McLaren Reveals the New 612hp, 203mph McLaren GT

Automotive News 55 May 15, 2019 by

British supercar manufacturer McLaren has finally revealed its new grand tourer, along with its name.

The car that the brand considers its first true GT car is simply called “McLaren GT”. It sits outside McLaren’s existing model structure of Sports, Super, and Ultimate, so it seems rather appropriate that its name is also not entirely in keeping with model norms either.

Nonetheless, there’s some very familiar aspects to the McLaren GT. Just like every one of its siblings, the car uses the carbon-fiber “MonoCell” structure, which McLaren will soon start to make itself in a new factory in the UK. Like most McLarens, there’s aluminum body panels too.

There’s also the traditional twin-turbo V8. This is a four-liter version like that you’ll find in the Senna and 720S, but a little less potent. McLaren has opted for a modest 612hp for the GT, hinting at both the performance required for a McLaren and a more relaxed GT drive.

However, there’s more than a few differences too. That MonoCell is actually a custom version for this car, which McLaren calls MonoCell II-T. The “T” denotes a “touring” specification that includes a rear upper structure unique to this monocoque that creates a new luggage area.

McLaren has also been able to reduce the height of the engine by reworking the intake and exhaust systems, and this means that, in addition to the 5.3 cubic feet (150 liters) front trunk, the new rear trunk is actually pretty impressive. Coming in at 14.8 cubic feet (420 liters), it’s larger than most C-segment family cars, and long enough to store golf clubs and skis.

That all sits under a fully-glazed tailgate, with soft close function and optional electric opening and closing. With the glass C-pillars and rear-quarter windows, visibility is improved over regular McLarens too.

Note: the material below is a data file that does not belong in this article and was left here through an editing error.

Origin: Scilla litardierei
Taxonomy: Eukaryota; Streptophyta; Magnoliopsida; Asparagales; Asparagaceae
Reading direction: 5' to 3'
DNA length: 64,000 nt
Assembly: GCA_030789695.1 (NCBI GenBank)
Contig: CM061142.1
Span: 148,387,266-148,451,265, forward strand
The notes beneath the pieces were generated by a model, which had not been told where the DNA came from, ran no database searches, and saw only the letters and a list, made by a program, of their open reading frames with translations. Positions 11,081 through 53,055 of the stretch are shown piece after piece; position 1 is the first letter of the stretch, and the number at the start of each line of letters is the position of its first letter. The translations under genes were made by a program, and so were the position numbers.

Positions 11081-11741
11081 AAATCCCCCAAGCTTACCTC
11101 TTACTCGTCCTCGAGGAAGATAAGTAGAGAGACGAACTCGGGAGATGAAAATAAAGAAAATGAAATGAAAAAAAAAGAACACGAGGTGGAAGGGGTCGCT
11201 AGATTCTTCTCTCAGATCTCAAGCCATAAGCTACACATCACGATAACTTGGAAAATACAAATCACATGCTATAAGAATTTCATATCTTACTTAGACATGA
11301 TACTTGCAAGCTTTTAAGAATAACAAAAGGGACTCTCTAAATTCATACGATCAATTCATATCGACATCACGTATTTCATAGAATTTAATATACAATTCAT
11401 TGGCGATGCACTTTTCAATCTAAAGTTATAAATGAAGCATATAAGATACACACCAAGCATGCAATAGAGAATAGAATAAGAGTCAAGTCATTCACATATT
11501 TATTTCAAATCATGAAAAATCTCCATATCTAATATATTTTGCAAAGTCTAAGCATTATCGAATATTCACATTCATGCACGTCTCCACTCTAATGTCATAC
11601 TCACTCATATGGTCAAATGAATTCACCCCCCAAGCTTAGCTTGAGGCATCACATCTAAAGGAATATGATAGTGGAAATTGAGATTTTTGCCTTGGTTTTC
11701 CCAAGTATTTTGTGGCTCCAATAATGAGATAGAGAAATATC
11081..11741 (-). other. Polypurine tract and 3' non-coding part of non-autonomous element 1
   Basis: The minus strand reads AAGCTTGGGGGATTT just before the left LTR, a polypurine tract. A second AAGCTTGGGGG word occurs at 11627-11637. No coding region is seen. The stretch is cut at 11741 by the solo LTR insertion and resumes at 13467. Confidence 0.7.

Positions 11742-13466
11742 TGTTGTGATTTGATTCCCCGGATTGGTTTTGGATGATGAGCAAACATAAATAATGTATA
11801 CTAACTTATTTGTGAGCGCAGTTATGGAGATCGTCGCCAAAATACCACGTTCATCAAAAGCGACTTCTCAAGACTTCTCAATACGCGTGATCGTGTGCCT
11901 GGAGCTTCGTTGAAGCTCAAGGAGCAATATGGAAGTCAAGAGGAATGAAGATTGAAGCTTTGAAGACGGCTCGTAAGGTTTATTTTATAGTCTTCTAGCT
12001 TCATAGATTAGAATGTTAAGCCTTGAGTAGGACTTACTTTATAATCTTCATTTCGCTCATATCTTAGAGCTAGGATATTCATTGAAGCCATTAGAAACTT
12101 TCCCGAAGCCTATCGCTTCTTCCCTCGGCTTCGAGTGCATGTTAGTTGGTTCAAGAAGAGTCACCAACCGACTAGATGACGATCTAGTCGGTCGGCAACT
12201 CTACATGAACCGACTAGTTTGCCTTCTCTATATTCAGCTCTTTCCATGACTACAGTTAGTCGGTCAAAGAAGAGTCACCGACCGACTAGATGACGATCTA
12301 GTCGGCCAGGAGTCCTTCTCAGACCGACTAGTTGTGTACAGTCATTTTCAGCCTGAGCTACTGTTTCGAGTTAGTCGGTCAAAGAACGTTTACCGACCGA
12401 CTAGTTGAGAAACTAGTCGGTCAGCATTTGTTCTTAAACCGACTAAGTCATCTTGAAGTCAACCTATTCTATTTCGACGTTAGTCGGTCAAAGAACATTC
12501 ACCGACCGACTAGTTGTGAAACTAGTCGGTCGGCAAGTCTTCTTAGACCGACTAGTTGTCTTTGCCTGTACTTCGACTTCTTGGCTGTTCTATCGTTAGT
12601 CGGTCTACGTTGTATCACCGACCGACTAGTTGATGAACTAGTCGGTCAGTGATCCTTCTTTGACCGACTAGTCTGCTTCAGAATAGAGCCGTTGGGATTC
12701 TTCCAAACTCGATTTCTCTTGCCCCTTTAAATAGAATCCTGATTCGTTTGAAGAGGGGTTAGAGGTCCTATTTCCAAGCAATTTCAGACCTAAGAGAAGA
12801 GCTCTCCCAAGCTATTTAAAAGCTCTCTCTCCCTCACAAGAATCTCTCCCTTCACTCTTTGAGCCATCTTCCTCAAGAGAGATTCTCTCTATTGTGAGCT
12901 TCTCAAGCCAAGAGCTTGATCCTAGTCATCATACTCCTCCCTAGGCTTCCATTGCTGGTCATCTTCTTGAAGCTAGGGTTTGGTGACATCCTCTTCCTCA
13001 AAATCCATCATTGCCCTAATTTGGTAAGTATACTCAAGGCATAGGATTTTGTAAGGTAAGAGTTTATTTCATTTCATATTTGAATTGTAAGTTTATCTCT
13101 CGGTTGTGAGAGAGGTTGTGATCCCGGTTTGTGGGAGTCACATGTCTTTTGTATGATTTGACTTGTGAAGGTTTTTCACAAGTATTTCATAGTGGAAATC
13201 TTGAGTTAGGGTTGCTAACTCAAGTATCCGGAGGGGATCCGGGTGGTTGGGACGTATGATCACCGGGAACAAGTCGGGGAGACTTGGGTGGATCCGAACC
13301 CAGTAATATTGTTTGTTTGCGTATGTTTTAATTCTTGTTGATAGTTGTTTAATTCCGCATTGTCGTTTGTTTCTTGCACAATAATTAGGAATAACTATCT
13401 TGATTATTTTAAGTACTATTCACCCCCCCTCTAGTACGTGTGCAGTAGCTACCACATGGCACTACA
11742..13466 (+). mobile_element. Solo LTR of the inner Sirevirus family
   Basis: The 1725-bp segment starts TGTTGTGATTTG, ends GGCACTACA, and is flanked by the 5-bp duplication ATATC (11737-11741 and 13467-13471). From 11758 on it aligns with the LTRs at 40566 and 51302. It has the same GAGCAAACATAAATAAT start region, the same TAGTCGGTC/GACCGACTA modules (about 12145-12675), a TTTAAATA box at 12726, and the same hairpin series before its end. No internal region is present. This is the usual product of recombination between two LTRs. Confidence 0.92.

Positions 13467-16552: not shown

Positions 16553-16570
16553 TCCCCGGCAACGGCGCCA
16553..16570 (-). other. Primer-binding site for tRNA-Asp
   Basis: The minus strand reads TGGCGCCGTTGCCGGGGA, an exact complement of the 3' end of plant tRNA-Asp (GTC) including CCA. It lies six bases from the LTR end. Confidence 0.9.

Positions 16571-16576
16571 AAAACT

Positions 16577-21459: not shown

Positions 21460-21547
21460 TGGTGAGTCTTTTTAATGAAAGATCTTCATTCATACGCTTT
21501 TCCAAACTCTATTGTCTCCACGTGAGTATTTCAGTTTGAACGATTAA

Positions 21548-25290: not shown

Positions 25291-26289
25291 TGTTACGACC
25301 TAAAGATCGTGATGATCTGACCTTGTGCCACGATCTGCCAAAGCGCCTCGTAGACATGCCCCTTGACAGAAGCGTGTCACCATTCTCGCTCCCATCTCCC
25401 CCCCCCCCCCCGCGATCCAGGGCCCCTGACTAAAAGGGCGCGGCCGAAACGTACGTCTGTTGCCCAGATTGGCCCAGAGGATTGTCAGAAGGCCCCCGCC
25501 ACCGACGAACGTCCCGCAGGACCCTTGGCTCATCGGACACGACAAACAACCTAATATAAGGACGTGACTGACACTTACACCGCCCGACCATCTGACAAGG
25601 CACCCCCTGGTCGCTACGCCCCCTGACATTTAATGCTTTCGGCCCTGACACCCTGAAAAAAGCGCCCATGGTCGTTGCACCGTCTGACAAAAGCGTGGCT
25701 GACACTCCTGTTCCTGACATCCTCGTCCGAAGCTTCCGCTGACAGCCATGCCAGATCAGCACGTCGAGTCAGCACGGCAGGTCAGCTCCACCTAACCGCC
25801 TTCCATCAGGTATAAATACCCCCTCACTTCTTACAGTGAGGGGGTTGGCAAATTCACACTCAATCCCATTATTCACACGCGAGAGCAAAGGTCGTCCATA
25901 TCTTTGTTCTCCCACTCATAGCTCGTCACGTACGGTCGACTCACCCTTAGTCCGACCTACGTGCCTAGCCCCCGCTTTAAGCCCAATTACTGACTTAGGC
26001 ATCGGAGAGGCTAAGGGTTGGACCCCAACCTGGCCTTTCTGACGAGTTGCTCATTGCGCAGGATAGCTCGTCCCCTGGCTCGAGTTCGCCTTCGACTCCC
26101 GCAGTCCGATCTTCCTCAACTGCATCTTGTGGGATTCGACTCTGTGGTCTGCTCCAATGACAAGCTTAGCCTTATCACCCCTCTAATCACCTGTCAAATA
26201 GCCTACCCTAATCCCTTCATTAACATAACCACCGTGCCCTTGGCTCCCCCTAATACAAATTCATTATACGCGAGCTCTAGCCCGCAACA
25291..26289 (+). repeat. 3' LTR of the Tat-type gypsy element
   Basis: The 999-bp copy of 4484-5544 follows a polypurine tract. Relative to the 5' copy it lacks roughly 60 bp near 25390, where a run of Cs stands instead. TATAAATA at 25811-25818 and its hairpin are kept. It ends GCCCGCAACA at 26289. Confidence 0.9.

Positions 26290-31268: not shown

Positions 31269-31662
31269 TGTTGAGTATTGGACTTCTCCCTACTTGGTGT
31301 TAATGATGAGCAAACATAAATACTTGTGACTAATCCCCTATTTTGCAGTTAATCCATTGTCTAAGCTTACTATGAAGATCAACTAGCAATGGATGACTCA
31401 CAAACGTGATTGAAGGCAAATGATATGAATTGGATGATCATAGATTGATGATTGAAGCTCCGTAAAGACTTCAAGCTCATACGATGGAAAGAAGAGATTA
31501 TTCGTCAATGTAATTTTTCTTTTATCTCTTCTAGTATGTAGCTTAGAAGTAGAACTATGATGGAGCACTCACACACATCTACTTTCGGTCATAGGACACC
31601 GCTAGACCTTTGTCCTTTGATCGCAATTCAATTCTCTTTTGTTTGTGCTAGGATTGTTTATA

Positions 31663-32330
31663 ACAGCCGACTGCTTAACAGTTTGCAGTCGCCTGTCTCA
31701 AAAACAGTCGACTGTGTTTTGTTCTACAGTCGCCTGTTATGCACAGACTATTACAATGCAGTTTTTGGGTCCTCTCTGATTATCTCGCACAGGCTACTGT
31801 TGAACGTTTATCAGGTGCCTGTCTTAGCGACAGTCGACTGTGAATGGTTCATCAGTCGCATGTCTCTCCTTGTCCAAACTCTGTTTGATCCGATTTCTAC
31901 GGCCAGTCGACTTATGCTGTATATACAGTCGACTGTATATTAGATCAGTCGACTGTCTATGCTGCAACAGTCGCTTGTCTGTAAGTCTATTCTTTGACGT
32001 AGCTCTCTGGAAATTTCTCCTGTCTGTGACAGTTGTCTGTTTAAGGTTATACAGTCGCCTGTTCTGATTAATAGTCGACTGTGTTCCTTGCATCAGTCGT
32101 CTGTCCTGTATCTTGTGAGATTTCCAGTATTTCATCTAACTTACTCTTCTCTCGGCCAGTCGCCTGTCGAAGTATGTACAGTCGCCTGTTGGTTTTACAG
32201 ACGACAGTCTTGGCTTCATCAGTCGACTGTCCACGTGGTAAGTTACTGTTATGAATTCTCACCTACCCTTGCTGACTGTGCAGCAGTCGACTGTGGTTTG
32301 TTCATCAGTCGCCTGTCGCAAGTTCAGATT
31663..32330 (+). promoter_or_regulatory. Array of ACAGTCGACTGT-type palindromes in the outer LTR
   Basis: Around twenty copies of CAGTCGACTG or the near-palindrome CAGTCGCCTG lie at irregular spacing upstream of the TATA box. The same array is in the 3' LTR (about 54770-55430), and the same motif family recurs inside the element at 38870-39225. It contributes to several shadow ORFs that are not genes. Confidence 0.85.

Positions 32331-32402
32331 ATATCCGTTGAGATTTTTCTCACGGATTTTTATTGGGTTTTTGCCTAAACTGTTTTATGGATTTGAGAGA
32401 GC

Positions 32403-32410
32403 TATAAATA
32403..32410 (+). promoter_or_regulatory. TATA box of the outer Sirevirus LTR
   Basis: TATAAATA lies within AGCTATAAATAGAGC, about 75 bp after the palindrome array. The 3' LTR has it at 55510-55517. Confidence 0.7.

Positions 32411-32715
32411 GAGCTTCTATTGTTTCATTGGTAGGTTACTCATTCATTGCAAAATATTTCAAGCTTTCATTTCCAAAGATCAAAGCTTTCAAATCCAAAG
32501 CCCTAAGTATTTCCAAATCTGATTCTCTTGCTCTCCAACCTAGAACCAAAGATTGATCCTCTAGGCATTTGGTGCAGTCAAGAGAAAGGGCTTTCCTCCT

Unique, softer engine mounts reduce vibrations in the cabin, while the usual vehicle lift function gives the GT up to 5.1 inches of ground clearance for dealing with “aggressive” traffic-calming measures.

Of course you still get into the GT by those characteristic “dihedral” doors. Once inside, there’s a suitably comfort-focused interior. McLaren has raised the seating position slightly — which is definitely an aid to comfort compared to its other models — and specifically engineered both seats to stave off long-distance seat fatigue.

There’s standard Nappa leather trim, with optional softgrain leather, Alcantara or — in a production car first — cashmere. You can specify a partly armored fabric trim for the rear luggage bay, to prevent damage.

McLaren has addressed what has been its weakest spot, with a new infotainment system that it says is its most sophisticated to date. There’s standard navigation, Bluetooth, DAB radio (with Sirius satellite radio in the USA) and media streaming. That pairs to a 12.3-inch TFT screen in the instrument binnacle.

As for performance, it’s still a McLaren. Despite a significant increase in size — the GT is 184.4 inches (4.68m) long — the lightweight construction gives the GT a curb weight of 3,384lb (1,535kg), which McLaren says is more than 285lb lighter than any other potential rival.

With 612hp and McLaren’s seven-speed seamless shift gearbox, that equates to 0-60mph in 3.1 seconds, 0-120mph in 8.8 seconds and a top speed of 203mph. The combined range sits at around 400 miles, which is roughly the same as the existing 570GT.

Mike Flewitt, chief executive officer at McLaren Automotive, commented:

“The new McLaren GT combines competition levels of performance with continent-crossing capability, wrapped in a beautiful body and true to McLaren’s ethos of designing superlight cars with a clear weight advantage over rivals. Designed for distance, it provides the comfort and space expected of a Grand Tourer, but with a level of agility never experienced before in this segment. In short, this is a car that redefines the notion of a Grand Tourer in a way that only a McLaren could.”

You can order your McLaren GT now, with deliveries due at the end of this year. Prices start at $210,000/£163,000.

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